When the text starts to blur, use these tips to stay on track (photo by mr. wright).
Jen Rugani is one of the lead teachers at Knewton, where she helps students rock their GMAT prep.
If taking the GMAT is like running a marathon, then the Reading Compr passages are like a set of steep hills in mile 23. They’re dense, complicated, insipid pieces of text that test your stamina. After powering through the AWA and math sections, it’s easy to arrive at the first reading comp passage and start to zone out – your eyes are still on the screen, but you’re re-reading the same sentence over and over again without taking in any of the meaning. At Knewton, we call this “glazed eyes” syndrome, and it can be a major time-sucker on the verbal section.
So how do you make it up the hill and power through to the finish line? There are some concrete steps you can take both now and on test day to avoid glazed eyes and stay focused on the passage.
Start reading GMAT-like texts now
It’s obvious that a reading comp passage won’t be as thrilling as your favorite Dan Brown novel, but the GMAT actually makes RC passages boring on purpose. The test-makers go out of their way to make the text complex, and they like to use natural science and social science topics with which potential business-school students may not be familiar. To prepare yourself, start reading real-world texts that mimic GMAT passage structures. The Economist, Scientific American, and The Wall Street Journal are good places to start, and magazines like Time and Newsweek feature editorial articles that can help you learn to recognize authorial arguments. Get comfortable with this type of writing now so that the passages on test day seem familiar and manageable.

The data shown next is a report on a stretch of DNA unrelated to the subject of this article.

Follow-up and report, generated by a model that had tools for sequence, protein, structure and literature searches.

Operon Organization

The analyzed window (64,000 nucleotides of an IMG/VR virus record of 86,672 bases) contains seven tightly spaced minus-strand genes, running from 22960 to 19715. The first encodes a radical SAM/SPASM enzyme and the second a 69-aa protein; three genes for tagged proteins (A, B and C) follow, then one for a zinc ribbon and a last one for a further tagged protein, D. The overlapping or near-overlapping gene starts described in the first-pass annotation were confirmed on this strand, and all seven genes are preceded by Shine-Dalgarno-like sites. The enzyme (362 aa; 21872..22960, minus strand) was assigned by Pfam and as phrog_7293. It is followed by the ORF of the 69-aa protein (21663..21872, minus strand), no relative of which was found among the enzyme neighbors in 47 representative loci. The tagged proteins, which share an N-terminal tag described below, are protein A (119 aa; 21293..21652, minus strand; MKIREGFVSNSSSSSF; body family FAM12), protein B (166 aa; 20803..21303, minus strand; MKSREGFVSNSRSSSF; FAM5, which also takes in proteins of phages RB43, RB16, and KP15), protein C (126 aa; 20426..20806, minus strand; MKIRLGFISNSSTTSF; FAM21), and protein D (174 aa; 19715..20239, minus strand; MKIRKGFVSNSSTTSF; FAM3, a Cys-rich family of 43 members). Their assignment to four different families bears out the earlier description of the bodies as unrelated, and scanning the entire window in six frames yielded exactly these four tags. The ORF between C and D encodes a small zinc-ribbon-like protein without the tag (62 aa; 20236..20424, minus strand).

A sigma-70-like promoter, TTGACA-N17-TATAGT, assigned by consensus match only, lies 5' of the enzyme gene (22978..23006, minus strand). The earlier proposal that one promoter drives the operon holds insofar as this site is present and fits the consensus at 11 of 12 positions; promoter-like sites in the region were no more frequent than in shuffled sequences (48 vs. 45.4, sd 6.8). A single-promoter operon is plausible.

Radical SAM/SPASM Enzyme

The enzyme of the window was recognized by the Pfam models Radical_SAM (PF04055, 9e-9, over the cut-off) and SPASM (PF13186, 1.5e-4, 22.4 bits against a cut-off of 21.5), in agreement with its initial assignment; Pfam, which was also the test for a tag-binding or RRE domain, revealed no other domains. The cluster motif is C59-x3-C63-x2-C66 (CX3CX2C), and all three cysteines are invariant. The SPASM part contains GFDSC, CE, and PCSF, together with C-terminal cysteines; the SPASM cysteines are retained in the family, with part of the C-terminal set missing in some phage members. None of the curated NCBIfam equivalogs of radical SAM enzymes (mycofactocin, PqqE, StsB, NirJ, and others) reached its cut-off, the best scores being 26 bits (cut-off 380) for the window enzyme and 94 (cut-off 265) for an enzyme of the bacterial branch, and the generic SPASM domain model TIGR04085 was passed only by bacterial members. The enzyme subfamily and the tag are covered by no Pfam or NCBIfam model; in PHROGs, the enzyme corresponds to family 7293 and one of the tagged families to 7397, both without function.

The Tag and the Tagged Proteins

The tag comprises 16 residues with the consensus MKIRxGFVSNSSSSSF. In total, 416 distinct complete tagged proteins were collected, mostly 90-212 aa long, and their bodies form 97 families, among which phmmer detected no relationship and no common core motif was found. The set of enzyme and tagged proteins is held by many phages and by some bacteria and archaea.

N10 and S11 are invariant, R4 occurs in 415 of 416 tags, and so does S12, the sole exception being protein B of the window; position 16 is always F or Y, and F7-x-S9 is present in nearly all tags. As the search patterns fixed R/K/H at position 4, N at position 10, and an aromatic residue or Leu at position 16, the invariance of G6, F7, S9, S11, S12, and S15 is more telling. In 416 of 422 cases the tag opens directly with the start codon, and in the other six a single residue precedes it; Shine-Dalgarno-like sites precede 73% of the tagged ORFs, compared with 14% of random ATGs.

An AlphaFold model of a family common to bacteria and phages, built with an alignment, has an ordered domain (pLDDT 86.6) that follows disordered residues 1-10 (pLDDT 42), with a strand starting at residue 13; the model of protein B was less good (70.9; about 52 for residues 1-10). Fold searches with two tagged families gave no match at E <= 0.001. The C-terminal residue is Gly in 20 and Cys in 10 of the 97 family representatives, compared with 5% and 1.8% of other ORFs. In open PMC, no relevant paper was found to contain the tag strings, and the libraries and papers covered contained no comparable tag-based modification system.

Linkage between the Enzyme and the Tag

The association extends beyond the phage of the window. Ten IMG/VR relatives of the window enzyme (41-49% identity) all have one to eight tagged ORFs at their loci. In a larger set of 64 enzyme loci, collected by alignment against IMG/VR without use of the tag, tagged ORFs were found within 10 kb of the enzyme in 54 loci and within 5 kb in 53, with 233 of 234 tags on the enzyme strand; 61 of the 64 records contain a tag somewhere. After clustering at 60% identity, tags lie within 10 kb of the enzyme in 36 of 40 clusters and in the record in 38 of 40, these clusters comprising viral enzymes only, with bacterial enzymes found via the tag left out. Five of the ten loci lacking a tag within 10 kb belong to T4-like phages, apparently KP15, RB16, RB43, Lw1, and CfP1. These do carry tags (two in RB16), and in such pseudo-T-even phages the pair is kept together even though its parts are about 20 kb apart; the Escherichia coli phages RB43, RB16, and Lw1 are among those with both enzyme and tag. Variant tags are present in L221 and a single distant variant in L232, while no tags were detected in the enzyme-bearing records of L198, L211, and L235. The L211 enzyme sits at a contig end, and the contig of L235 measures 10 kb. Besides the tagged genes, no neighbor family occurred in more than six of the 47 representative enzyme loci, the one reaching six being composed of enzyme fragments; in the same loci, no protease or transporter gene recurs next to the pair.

Writing quick notes will keep your brain naturally engaged and help you move through the passage deliberately (at Knewton, we call this process Active Reading). Jot down a quick summary for each paragraph and note the main ideas or theories mentioned in the passage. People often skip this note-taking step because they worry it takes too much time. But think about it this way: It’s much better to take a few extra seconds to jot down helpful notes than to waste potential minutes staring blankly at the screen. Plus, your notes will provide useful pre-phrases for some of the broader reading comprehension questions, which can actually help you save time in the long run.
Fast-forward to test day. What should you do if you’re in the middle of a reading comprehension passage and your brain is starting to wander?
Try to stay calm; panicking about your lack of focus will only make it harder to come back to the passage. Be patient with your brain – it’s working hard! If you feel glazed eyes starting to set in, look away from the passage. This might sound counter-intuitive – why am I turning away from the thing I’m supposed to be reading? – but think of it as hitting a reset button on your brain. Look away from the screen, take a deep breath, and then return to the passage. You’ll be amazed at how much a few quick seconds of break time can center you back on the task at hand.
Return to something interesting
Once you’ve taken those deep breaths and are ready to come back to the passage, don’t start reading the same sentence that tripped you up the last time. Go back a few sentences, or even to the previous paragraph, to the most recent idea that interested you. Your brain will be much more likely to reengage on an interesting thought than on one that was difficult to understand. Then, you can use your note-taking skills and Active Reading to stay focused throughout the rest of the passage.
With these tools, you’ll be able to beat – or avoid – glazed eyes syndrome. Did you make it through this post without falling asleep? Then you’re well on your way to reading comprehension success!